Other notable projects include Panorama House by Korea’s Moon Hoon studio – with a sleek wooden slide that glides through a bookcase – and a Skate House developed by 29-year-old Austrian skateboarder Philipp Schuster, for which he retrofitted a Viennese villa with indoor skateboard ramps. The contrast of the concrete embankments and the traditional hunting lodge is actually startlingly effective. (Unfortunately, the project was just an exploration of what could be done to give new life to out-of-use dwellings, and the structure was later demolished).
This kind of house-as-amusement park, at least for the extremely wealthy, is not entirely new. Michael Jackson’s former estate, Neverland, was famous (then, darkly, infamous) for its childlike follies (including roller coasters and a zoo). In 2012, Jay-Z and Beyonce rented a Hampton’s mega-mansion for upward of $400,000 a month that came with an indoor half-pipe and bowling alley.
What’s different, though, is that this new crop of full-sized playhouses actually looks good, with architects paying as much attention to the aesthetics of the amusements, as to the amusements themselves. Whereas Jackson and Jay-Z’s places had a distinctly nauseating, too-grand pastiche quality, these newer projects are both elegant and absurdly fun.
Hotson, for example, was not influenced by Jay-Z. He looked to legendary, neoclassical architect Sir John Soane as an inspiration for layered, complex spaces; and contemporary Belgian-born artist Carsten Holler (who famously installed sleek, silver slides at London’s Tate Modern) for a way to make giddiness look gorgeous.
It might all seem highly indulgent, and, to be sure, it is. But play does have a purpose.
Researchers believe that play is essential for childhood development. In one often cited, 1960s study by psychiatrist Stuart Brown (founder of America’s National Institute for Play), a group of imprisoned Texas murders were found to have a striking similarity – all rarely had the opportunity to play as kids (due to social isolation, abuse or other reasons). Brown now advocates for the necessity of play as a tool for young people to develop key skills, including imagination, co-operation, empathy and self-control.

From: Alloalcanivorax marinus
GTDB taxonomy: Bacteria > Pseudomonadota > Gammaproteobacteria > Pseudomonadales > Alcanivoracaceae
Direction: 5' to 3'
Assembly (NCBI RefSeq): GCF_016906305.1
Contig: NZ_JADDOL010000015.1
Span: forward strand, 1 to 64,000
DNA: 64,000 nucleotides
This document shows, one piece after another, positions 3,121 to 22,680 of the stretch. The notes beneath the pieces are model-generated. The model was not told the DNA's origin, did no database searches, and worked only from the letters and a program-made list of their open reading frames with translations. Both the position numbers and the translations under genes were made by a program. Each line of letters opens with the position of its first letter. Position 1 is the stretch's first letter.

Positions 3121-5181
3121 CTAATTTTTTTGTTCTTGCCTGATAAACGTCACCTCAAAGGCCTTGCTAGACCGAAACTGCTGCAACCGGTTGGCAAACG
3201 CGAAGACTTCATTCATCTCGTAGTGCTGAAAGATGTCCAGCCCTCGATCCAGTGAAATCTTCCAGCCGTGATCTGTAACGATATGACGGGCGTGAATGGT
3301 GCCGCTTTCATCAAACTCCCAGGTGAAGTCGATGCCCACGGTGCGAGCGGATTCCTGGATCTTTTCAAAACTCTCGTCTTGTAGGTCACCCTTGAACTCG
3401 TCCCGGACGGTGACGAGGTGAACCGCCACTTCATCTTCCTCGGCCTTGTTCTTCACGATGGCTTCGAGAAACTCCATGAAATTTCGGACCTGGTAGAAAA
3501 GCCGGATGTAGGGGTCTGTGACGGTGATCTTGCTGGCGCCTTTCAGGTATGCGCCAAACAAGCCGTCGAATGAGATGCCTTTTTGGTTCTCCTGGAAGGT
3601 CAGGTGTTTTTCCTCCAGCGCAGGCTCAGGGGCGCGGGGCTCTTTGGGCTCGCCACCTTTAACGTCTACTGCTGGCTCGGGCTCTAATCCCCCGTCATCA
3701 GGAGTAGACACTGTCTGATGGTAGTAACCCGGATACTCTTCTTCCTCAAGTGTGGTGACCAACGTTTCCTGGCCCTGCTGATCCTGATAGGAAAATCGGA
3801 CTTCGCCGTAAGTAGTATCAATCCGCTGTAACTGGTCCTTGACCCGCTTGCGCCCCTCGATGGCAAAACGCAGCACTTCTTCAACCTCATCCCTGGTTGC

It’s no less crucial in adults. Simple, unstructured diversions are believed to decrease stress, improve emotional well-being and boost productivity. (The Googles of this world aren’t just doing it to be altruistic; they believe it helps with profitability).
Also, these play houses are not always as extravagant as villas or penthouses. Vladimir Zotov is a research scientist with the Canadian government. In 2011, he and his wife custom-built a four-bedroom home in Toronto’s north end around the idea of play. Hidden passageways connected the bedrooms of the two kids (ages three and eight at the time). A bright blue slide ribboned from the upper level into the family room.
In some ways, the house is modest – it’s not enormous, or particularly grand – but the fun elements were essential. Zotov’s wife was raised in poverty in Siberia, and, after coming to Canada in 1992, she was determined to, one day, give her kids the kind of lighthearted life she simply couldn’t have.
“The three-year-old was a bit scared of the slide at first, so I would slide with him,” Zotov says. “It took him a year to get used to. The eight-year-old loved it though. He used it every morning.”
Unfortunately, to get into a better school district, the Zotovs sold their house and moved last month. The slide was not an issue in the resale. “Some buyers asked how easy it would be to remove,” Zotov says. “But it’s like the beer commercial [for Alexander Keith’s]: Those who like it, like it a lot. And the new home owners, they like it a lot.”